Now all roads lead to France and heavy is the tread
Of the living; but the dead returning lightly dance.
Edward Thomas, Roads

Wednesday, September 5, 2018

Images of U.S. Naval Aviation at War

DH-4s of the Northern Bombing Group

1 comment:

  1. Hello all!

    I have looked for years for official docs ('Station logs') re the day to day sorties from Moutchic, as operations commenced there in the Fall of 1917. Findings have been limited to secondary works, among them, 'Millionaires Unit', by Wortman, re. 'The Yalies' and numerous works by George C.Moseley, 'The letters of..' type compilations re McLeish, et al, the biographical studies of Dave Ingalls, 'Chevy', et al. I am frustrated about never finding anything about verified sorties as recorded in docs such as the 'station logs'.
    No info available at all from the several U.S. Naval Historical archives.
    The purpose of my interest is to establish that since the Navy's pontoon equipped Hanriot 'HD', 'pursuits' (the then current term for 'fighters'), were on strength with the U.S.N. around the French coast, as early as September, 1917, and therefore would have been flying combat sorties for many months before the Nieuport 28's, of the of Army's 'First Pursuit Group' went into combat, in the Spring of 1918.
    The 95th Pursuit squadron assumed the mantle of 'First To The Front' and Richard Blodgett's letter to his mother proudly claims to have been one of the Squadron 95 flight that went aloft on the pioneering "first ever sortie" against the Kaiser's airmen: However, Eddie Rickenbacker, a member of Harold Hartney's 94th Squadron, also a unit of the First Pursuit Group, writes of being taken out by Lufbery on what he claims was the first sortie by any members of a American pursuit squadron: Dates recorded by both these pilots indicate that the Lufbery led mission pre-dated the 95th's sortie as recorded by Blodgett.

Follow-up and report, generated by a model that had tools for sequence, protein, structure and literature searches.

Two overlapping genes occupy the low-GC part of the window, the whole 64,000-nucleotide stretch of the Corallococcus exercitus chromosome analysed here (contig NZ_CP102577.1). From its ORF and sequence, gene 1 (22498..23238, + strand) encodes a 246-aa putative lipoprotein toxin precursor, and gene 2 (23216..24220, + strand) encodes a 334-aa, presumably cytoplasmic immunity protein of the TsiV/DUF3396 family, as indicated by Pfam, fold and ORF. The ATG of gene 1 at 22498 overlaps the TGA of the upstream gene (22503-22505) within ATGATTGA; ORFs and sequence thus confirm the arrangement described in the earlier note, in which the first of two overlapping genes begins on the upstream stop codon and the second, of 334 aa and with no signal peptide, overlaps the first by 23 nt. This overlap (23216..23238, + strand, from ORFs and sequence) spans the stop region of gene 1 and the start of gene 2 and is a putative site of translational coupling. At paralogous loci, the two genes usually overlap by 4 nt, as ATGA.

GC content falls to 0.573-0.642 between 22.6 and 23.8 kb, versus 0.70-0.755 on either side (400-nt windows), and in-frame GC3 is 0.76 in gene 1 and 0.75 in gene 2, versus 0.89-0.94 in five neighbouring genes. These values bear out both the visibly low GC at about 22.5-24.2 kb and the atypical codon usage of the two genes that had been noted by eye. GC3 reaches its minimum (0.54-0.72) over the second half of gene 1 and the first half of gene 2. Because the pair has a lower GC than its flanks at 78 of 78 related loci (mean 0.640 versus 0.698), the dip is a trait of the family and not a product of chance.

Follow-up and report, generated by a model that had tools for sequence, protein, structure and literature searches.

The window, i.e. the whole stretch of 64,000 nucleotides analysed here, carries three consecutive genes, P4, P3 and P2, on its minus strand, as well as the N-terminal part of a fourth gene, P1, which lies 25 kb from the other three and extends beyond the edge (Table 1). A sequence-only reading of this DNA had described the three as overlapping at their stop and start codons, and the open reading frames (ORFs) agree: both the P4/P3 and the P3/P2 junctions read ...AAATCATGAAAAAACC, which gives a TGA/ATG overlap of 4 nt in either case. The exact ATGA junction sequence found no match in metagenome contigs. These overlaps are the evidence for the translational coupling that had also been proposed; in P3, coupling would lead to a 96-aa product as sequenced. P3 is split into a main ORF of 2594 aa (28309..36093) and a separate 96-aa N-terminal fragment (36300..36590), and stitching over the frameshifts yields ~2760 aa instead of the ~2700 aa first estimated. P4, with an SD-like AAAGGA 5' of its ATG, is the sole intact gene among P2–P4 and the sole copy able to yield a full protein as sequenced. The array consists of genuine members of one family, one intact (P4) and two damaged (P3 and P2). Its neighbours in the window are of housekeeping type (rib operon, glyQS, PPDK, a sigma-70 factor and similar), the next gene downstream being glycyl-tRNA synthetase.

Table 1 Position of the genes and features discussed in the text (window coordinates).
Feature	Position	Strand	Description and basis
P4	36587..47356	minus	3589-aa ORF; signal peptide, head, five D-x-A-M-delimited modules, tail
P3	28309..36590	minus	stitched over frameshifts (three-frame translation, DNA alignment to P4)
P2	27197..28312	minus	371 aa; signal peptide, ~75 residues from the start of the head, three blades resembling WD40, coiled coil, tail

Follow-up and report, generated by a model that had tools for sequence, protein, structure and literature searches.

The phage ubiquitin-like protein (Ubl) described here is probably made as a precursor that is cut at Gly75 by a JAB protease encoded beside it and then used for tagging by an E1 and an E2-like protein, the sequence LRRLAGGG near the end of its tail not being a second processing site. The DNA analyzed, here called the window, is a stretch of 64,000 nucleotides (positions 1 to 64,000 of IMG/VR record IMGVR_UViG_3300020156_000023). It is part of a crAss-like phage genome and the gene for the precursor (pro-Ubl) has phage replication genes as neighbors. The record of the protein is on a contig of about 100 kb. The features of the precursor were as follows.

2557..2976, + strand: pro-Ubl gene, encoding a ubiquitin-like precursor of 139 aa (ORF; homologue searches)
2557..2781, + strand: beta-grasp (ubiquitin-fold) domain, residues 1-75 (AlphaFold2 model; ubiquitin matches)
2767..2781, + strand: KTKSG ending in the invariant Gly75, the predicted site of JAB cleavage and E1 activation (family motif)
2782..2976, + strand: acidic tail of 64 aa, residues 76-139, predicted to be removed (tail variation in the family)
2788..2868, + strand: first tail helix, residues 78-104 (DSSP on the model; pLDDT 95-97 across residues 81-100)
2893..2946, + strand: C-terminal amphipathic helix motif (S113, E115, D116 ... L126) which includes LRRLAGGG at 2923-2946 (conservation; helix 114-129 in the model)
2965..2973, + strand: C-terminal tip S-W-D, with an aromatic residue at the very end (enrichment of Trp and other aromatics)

I have the serial numbers of all of the Hanriots and the dates of acceptance of each, but nary a bit,though, about who piloted them and to what effect.
    I am quite sure the Hanriots encountered no German A/C, but have read that a pair of Navy A/C escorting a U.S.N. crew in a flying boat, did fire suppression runs against the gunners a a U-boat during a successful attack. I presume the escorts would have been the single seater HD's? Again, no names, no combat reports: Any ideas?
    I do so appreciate this wonderful site as a tribute to my father's war of those, not so long. 100 years ago. Thank you for honoring them.

    navy the